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November, 6 2019
November, 6 2019
Promotion and prodection of Human RightsIn this preliminary report, the Special Rapporteur describes the progress made in his research on this subject. He does not, for obvious reasons, offer any conclusions here on the substance of this important question, as these will be presented in the final report on his study to be submitted for the Commission’s consideration at its fifty-ninth session, due to be held in 2003.
This document begins with a brief introduction in which the author describes the proceedings in the Sub-Commission on the Promotion and Protection of Human Rights, as well as in the Commission itself and in the Economic and Social Council, which led to his appointment as Special Rapporteur entrusted with the task of preparing the study requested (Council decision 2001/285 of 24 July 2001).
The Special Rapporteur then defines some of the essential methodological parameters for his research. These first of all concern the basic scope of this first report to the Commission, and the use which will be made in his work of the terms “duties”, “responsibilities”, “obligations” and “community”. Secondly, he explains the rationale for focusing his research on attempting to specify what are the duties (or responsibilities), as referred to in article 29, paragraph 1, of the Universal Declaration of Human Rights and in the final common preambular paragraph of the 1966 International Covenants on Human Rights, that each individual has towards the community in which he or she lives. This important question still remains to be clarified after more than half a century.
In the last part of this report the Special Rapporteur describes the progress made in his research on the subject, essentially following the proposals put forward in the note which he submitted for consideration by the Commission at its fifty-seventh session in 2001.
With regard to the preparatory work that led in 1948 and 1966 to the adoption of the above-mentioned provisions included in the texts of the Universal Declaration and the International Covenants, the Special Rapporteur analyzes in detail the relevant parts of the valuable work carried out on this same question 20 years ago by his colleague in the Sub-Commission, Mrs. Erica-Irene Daes, entitled “The individual’s duties to the community and the limitations on human rights and freedoms under article 29 of the Universal Declaration of Human Rights” .
Turning to the work of the specialized agencies of the United Nations system in this area, the Special Rapporteur reviews the contents of the Declaration on the Responsibilities of the Present Generations Towards Future Generations, adopted in 1997 by the General Conference of the United Nations Educational, Scientific and Cultural Organization (UNESCO), and looking moreover at the work of “regional” intergovernmental organizations, he examines the American Declaration of the Rights and Duties of Man (adopted in 1948 by the Ninth International Conference of American States),the African Charter on Human and Peoples’ Rights (adopted in 1981 by the Organization of African Unity) and the Cairo Declaration on Human Rights in Islam (adopted in 1990 by the Organization of the Islamic Conference).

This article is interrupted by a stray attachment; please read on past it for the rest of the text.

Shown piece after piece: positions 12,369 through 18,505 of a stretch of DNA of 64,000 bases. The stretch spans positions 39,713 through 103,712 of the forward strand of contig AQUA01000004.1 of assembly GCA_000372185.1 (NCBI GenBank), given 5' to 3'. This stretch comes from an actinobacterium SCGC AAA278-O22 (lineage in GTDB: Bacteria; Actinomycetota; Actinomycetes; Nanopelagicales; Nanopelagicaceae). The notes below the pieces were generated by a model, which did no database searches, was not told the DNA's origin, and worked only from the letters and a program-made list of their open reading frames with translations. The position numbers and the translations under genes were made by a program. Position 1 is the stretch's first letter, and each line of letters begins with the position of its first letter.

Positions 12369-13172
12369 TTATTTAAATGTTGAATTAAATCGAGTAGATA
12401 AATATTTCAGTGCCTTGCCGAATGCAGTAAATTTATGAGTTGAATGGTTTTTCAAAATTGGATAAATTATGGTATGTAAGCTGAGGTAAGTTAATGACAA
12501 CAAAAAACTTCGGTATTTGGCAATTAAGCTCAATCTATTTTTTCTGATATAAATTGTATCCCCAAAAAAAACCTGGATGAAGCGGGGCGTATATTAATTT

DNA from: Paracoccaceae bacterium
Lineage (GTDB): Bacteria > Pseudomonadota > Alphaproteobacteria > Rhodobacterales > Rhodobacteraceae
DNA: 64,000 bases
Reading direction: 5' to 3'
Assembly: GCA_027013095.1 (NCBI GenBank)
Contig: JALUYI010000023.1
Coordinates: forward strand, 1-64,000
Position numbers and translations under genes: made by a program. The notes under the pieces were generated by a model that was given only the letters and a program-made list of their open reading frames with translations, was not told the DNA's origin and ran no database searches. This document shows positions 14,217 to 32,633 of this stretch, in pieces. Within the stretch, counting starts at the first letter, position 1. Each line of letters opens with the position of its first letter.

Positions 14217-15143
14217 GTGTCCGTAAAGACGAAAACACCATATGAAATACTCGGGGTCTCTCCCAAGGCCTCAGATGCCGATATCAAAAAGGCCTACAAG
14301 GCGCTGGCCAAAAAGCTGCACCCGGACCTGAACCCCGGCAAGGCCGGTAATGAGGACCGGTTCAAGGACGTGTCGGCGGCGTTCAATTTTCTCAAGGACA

With regard to the opinions expressed by States on the subject, the Special Rapporteur firstly analyses the several dozen replies made during the 1970s to the questionnaire prepared in that connection by Mrs. Daes, and furthermore indicates that there is a need to update this information. To that end, in an appendix to this report he includes questionnaires intended not only for Member States but also for non-governmental organizations (NGOs). Concerning the work of NGOs in this field, the Special Rapporteur focuses in particular on the contents of the draft universal declaration of human responsibilities prepared in 1997 by the InterAction Council, an organization at that time under the presidency of former German Chancellor Helmut Schmidt. He realizes, however, that the great majority of NGOs (especially those based in the developed North) are at present reluctant to define their duties or responsibilities towards the respective communities in which they are active.
Lastly, with regard to the views expressed in the scholarly literature on the subject, the Special Rapporteur takes account, in various sections of the report, of the opinions of specialists from the most diverse geographical backgrounds and of recognized international authority, including the views of those (such as Professor Theo van Boven) who did not consider it necessary or appropriate, for one reason or another, to attempt to define what these said duties (or responsibilities) might be. The Special Rapporteur will seek to reflect, in his final report, many other views taken from this important source, in particular when formulating his conclusions and recommendations in the coming year.
Human rights and human responsibilities
Report of Mr. Miguel Alfonso Martínez, Special Rapporteur appointed by the Sub-Commission on the Promotion and Protection of Human Rights to undertake the study requested by the Commission in its resolution 2000/63*
UNITED NATIONS Economic and Social Council
* The executive summary of this report will be distributed in all the official languages. The report is contained in the annex to this summary and will be distributed in the original language, and in English and French.